I am not a religious man, but I think moving water is the best thing God ever made. -Jim Harrison
Standing at the river’s edge, I watch sticks from old uprooted trees quiver in the foaming brown current. In the early morning sun, gulls throw down their shadows, the tips of their wings translucent against the wild blue. They wheel over our heads, dive-bombing fish guts thrown into the river from our cleaning table. They know where the good food is, and argue over every last scrap.
The moving, life-giving water leaps and tumbles, and I imagine just below the surface long schools of salmon nosing their way upriver, eager to return to their natal grounds, like power-forwards from the sea, fighting like hell to complete another cycle in the wheel of life. It’s so simple, really. In the plant and animal worlds (ourselves included), we sprout at birth and decompose at death, feeding the earth with our compost, completing the endless circle of life that sweeps voraciously through time.
My community is busy, checking their fishwheels hourly, making all manner of technical adjustments, like the raising and lowering of the wheel as the water level rises and falls, keeping axles on the wheel greased, predicting when the next run will hit (midnight, 6 am?). Who’s to know? It’s a finicky business catching fish. You wait and you
watch; then pounce at the appropriate time. It’s all about timing when the fish decide to come to you, the Native people say. The river has nourished them for thousands of years, my family, only decades. Still, the ritual runs deep.
But this year I take pause to think about our yearly fishing ritual in more detail. In Jonathon Balcombe’s recent book, What a Fish Knows, he overturns our assumptions about how fish perceive. He tells us they have feelings, awareness and a social order that is, in some ways, similar to those of people. Scientific research has shown that fish display tool use (at the level of a 10-month old baby who learns to use a tool to retrieve a toy she can’t reach). Fish enjoy music, have distinct personalities, and feel pain, although he uses the word “suffer,” which I’m not so sure I would agree. Sensory pain is one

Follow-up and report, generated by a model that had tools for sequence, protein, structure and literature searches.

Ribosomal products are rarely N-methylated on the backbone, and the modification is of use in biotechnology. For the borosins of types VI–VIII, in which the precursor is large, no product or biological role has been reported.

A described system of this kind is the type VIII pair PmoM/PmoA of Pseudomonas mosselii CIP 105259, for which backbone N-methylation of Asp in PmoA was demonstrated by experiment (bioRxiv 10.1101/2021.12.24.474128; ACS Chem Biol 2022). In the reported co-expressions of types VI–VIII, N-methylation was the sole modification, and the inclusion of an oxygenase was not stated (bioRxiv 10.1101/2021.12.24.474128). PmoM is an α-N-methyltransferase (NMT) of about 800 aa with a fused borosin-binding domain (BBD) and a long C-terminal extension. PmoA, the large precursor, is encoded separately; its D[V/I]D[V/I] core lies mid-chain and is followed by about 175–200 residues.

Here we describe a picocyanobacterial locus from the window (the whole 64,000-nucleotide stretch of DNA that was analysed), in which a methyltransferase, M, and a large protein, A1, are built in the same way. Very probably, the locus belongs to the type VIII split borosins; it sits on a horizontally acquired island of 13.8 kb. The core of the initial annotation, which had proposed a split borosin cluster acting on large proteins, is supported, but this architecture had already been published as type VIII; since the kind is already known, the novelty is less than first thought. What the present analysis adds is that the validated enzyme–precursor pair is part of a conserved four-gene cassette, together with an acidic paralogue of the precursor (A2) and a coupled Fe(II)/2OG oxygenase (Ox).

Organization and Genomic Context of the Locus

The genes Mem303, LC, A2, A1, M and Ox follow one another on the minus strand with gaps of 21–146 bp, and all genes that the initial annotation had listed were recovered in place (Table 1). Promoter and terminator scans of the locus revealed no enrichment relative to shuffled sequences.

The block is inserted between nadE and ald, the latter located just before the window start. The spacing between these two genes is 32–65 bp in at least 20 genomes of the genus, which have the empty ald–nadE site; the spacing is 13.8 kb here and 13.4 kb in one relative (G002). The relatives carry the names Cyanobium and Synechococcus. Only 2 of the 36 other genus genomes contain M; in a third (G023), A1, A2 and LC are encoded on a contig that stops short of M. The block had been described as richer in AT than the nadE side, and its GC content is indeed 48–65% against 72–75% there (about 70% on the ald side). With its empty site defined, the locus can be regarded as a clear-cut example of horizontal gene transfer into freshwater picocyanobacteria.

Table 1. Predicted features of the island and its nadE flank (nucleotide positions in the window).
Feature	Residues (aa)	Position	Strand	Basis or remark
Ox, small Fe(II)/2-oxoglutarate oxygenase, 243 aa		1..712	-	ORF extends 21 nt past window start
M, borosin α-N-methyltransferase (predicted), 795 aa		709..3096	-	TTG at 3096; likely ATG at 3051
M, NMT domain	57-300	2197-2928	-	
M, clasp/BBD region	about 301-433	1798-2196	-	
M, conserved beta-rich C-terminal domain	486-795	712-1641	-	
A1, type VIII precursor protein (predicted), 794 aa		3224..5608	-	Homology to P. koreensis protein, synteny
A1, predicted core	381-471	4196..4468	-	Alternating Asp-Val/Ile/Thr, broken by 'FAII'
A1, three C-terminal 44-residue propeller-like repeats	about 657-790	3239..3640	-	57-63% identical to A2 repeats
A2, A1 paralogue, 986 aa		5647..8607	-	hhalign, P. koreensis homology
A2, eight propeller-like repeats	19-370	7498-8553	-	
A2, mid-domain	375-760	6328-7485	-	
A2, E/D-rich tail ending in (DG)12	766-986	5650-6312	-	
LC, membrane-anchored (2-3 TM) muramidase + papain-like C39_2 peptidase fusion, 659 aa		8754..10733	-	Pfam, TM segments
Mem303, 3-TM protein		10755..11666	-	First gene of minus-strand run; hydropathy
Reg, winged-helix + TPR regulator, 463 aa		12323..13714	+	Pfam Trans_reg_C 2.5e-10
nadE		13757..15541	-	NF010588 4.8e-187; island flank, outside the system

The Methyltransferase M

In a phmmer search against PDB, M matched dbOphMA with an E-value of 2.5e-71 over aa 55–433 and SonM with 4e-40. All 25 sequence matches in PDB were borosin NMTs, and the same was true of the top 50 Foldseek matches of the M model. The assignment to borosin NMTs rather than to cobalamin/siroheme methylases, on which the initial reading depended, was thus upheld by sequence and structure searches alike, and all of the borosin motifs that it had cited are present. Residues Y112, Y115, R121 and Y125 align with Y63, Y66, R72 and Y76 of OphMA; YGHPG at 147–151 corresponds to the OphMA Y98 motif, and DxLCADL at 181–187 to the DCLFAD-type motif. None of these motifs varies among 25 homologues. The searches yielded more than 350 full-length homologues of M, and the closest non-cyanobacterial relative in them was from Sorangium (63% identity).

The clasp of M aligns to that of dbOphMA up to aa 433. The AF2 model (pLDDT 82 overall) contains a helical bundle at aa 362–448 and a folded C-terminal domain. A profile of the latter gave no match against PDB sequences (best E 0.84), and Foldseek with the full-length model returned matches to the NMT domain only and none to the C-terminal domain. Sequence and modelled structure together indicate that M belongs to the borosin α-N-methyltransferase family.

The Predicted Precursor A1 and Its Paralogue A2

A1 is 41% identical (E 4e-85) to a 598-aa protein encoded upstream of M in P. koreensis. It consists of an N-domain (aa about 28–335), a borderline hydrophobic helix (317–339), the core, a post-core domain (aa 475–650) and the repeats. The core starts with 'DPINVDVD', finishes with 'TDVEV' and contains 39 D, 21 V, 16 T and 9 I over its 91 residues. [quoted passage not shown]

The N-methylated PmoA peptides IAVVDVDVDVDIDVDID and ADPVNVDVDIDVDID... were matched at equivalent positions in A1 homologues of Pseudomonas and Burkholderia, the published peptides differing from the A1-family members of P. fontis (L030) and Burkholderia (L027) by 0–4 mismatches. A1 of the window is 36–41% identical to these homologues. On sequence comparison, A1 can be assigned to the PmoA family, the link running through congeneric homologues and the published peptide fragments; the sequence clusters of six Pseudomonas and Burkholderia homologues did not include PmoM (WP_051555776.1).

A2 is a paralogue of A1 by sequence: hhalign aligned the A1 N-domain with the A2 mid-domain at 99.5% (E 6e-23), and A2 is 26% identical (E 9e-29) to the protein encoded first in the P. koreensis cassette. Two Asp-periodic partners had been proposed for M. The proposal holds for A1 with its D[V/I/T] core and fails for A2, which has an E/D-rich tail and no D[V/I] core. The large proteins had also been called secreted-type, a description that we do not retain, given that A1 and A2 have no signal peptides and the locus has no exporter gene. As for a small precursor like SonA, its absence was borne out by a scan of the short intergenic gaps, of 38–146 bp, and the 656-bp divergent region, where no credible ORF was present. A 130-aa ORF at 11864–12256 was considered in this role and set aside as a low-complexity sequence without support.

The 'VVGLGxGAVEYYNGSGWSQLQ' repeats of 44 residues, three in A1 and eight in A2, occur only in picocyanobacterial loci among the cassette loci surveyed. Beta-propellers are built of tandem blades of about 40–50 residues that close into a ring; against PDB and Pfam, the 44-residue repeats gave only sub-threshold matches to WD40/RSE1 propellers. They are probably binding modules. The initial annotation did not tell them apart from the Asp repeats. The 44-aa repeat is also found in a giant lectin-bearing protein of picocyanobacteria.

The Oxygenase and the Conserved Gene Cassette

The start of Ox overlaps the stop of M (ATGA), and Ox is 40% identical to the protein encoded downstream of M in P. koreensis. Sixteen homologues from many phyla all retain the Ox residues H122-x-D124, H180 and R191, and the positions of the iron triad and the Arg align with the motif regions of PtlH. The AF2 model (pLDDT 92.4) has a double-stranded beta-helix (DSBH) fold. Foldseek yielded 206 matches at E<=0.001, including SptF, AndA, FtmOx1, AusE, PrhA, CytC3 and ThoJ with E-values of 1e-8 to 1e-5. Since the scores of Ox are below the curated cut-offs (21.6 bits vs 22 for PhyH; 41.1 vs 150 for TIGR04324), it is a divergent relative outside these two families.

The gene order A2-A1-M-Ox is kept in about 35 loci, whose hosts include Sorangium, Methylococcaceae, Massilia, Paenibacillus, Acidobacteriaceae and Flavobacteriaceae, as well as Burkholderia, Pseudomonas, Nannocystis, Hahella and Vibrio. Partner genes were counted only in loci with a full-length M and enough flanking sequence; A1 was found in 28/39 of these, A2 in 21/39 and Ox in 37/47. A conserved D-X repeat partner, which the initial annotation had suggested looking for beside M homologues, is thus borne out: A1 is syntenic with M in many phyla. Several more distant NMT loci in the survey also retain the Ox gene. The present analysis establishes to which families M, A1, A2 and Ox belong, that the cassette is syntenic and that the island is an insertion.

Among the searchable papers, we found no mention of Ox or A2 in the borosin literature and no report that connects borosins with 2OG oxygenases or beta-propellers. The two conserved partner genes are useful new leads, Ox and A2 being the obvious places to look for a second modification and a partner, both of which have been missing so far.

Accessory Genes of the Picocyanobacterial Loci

thing, but “suffering” denotes for me at least, a “thinking about” the pain, another layer of psychological thought placed on top the pain, creating more misery, and I think we humans have a corner on that market.
Studies have also shown that salmon farms naturally have “drop out” fish, growth stunted fish that float lifelessly at the surface of farming ponds. These fish are severely depressed. Why? Because they have given up on life. Their brain chemistry and behavior is said to mimic those of other animals with documented depression. They are smaller in size due to “failure to thrive” (like human babies who experience stunted growth in the absence of love and affection).
Halcomb goes on to say, however, we shouldn’t eat fish because we cause them to experience an “unpleasant” death, whether by sport-fishing with lures or commercial fishing via nets. Do we then have a moral obligation to assure a pleasant death for fish (and other animals), or should we stop the killing and not eat them at all? Surely we attempt to assure a pleasant death for humans by way of hospice and palliative care that provides relief from the symptoms of serious illnesses. How should we treat our fellow winged, gilled and four-legged creatures?
Upon close inspection though, many of the writers in disagreement with the predator-prey relationship (the circle of life?) have a hidden, or not so hidden agenda. One day, they say, all people will “wake up” to the healthier and more compassionate preference of not eating, or using any type of animal products.